Beriberi historical perspective

Jump to navigation Jump to search

Beriberi Microchapters


Patient Information


Historical Perspective




Differentiating Beriberi from other Diseases

Epidemiology and Demographics

Risk Factors


Natural History, Complications and Prognosis


Diagnostic Study of Choice

History and Symptoms

Physical Examination

Laboratory Findings



Echocardiography and Ultrasound

CT scan


Other Imaging Findings

Other Diagnostic Studies


Medical Therapy


Primary Prevention

Secondary Prevention

Cost-Effectiveness of Therapy

Future or Investigational Therapies

Case Studies

Case #1

Beriberi historical perspective On the Web

Most recent articles

Most cited articles

Review articles

CME Programs

Powerpoint slides


American Roentgen Ray Society Images of Beriberi historical perspective

All Images
Echo & Ultrasound
CT Images

Ongoing Trials at Clinical

US National Guidelines Clearinghouse

NICE Guidance

FDA on Beriberi historical perspective

CDC on Beriberi historical perspective

Beriberi historical perspective in the news

Blogs on Beriberi historical perspective

Directions to Hospitals Treating Beriberi

Risk calculators and risk factors for Beriberi historical perspective

Editor-In-Chief: C. Michael Gibson, M.S., M.D. [1]; Associate Editor(s)-in-Chief: Abdelrahman Ibrahim Abushouk, MD[2]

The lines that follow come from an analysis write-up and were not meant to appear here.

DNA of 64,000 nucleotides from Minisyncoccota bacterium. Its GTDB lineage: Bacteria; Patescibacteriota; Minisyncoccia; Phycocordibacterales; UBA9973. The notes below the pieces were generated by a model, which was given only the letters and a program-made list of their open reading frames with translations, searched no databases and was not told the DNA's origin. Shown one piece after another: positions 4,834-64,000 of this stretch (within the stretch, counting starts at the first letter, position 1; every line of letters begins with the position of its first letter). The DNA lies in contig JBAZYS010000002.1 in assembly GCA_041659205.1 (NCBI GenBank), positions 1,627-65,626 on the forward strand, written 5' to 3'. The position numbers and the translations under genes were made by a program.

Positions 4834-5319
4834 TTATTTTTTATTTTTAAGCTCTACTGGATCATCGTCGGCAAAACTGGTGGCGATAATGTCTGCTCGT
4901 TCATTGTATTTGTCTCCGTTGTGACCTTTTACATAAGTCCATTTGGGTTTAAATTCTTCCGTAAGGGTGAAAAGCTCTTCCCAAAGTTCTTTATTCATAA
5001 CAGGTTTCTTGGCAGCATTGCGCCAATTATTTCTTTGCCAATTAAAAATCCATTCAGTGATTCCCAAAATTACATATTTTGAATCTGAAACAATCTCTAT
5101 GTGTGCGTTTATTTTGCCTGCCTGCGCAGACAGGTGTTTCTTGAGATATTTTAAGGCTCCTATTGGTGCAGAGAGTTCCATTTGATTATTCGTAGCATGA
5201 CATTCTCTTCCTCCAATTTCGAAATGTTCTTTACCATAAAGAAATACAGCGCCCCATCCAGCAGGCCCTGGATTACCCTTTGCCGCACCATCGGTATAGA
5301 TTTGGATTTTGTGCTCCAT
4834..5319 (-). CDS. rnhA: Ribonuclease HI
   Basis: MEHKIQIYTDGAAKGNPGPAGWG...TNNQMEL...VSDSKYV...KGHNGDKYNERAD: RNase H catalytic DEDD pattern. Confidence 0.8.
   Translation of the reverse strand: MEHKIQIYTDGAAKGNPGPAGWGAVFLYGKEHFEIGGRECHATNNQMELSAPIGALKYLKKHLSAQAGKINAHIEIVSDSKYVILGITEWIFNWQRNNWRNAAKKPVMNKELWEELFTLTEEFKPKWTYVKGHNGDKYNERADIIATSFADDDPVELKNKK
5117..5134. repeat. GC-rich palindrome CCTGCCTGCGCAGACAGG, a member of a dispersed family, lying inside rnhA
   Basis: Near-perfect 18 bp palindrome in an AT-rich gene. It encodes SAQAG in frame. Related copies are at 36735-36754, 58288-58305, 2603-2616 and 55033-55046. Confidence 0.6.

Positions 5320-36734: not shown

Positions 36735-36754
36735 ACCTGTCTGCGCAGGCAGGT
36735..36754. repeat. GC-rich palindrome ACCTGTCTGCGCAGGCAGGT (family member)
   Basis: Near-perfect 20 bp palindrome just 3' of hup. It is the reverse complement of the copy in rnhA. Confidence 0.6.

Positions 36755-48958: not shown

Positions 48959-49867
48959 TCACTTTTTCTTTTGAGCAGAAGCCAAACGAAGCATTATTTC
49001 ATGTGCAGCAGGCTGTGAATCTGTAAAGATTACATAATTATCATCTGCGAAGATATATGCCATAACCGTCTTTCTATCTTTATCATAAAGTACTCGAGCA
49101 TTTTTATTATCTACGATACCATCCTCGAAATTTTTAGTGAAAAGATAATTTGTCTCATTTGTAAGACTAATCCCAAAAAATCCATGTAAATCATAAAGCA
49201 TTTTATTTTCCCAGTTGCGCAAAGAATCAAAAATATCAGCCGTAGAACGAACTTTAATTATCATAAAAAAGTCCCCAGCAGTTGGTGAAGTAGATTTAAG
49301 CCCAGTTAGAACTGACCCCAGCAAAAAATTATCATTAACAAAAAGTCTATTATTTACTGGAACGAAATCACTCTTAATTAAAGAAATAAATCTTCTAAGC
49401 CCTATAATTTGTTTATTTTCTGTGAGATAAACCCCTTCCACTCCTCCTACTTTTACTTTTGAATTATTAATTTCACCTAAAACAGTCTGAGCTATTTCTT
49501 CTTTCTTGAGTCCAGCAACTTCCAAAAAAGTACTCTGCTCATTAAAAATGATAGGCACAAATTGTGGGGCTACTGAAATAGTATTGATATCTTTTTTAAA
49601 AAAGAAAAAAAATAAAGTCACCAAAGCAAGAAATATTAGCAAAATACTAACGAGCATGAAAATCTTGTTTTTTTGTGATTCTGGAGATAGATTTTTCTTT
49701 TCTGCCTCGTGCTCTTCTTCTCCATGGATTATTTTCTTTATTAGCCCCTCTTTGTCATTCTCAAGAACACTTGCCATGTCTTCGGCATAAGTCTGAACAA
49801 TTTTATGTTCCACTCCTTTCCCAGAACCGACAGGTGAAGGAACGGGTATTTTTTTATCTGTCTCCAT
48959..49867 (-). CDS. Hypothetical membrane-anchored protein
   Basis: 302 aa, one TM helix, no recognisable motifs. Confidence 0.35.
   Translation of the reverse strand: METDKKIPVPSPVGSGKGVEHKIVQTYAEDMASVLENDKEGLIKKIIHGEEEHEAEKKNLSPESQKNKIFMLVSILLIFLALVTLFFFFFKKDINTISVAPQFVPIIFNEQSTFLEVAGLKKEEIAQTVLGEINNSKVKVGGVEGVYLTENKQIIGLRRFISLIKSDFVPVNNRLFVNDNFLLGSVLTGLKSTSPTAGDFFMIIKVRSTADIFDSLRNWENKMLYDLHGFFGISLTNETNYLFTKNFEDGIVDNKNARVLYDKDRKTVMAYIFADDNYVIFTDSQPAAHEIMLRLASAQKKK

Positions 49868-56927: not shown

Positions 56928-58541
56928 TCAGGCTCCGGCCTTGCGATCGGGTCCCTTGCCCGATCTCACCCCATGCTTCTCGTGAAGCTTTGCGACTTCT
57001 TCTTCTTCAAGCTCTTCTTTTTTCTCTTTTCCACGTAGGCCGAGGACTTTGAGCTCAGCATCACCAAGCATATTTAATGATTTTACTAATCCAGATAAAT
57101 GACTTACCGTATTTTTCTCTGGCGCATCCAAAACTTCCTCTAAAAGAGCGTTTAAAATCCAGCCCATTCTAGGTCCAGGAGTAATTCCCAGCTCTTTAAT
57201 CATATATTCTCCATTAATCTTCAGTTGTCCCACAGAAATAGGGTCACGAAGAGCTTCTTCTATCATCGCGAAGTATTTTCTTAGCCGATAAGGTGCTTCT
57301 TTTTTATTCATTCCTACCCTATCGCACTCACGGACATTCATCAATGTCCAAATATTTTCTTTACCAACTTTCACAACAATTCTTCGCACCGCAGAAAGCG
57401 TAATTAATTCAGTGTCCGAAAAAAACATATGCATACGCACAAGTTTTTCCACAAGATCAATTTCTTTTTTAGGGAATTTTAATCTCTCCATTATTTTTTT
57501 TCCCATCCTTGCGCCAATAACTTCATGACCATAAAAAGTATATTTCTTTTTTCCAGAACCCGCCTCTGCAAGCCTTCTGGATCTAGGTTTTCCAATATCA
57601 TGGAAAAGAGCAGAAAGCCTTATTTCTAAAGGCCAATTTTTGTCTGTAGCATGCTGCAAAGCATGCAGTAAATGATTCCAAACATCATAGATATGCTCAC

The word "Beriberi" is derived from the Sinhalese language, meaning "I cannot, I cannot". It used to be quite common, especially in East Asia in the 19th century. Two scientists (Dr Christiaan eijkman and Sir Frederick Hopkins) attributed beriberi to thiamine deficiency and were awarded the Nobel prize in 1929.

Historical Perspective

  • The origin of the word is from a Sinhalese phrase meaning "I cannot, I cannot", the word being doubled for emphasis.
  • It is a disease that has killed probably close to a million people worldwide.
  • References to this disease can be found in Chinese medical texts dating as far back as 2697 BC.
  • In the 19th century it was the “national disease” of Japan.
  • It first attracted the attention of Western scientists in the 1880s, when Dutch military personnel experienced an epidemic of the disease while operating in Sumatra.
  • Its association with the consumption of highly polished rice was noted in the first decade of the twentieth century.
  • It took some 50 years and lifetimes of dedication by dozens of scientists from many different fields and of various nationalities before the mysteries of beriberi were unraveled.
  • Christiaan Eijkman, a Dutch physician and pathologist first demonstrated that beriberi is caused by poor diet led to the discovery of vitamins. Together with Sir Frederick Hopkins, he was awarded the 1929 Nobel Prize for Physiology or Medicine for the discovery, but the ability to produce a synthetic vitamin on a commercial scale has been by no means the end of the story.[1]


  1. Arnold D (2010). "British India and the "beriberi problem", 1798-1942". Med Hist. 54 (3): 295–314. doi:10.1017/s0025727300004622. PMC 2889456. PMID 20592882.

Template:WikiDoc Sources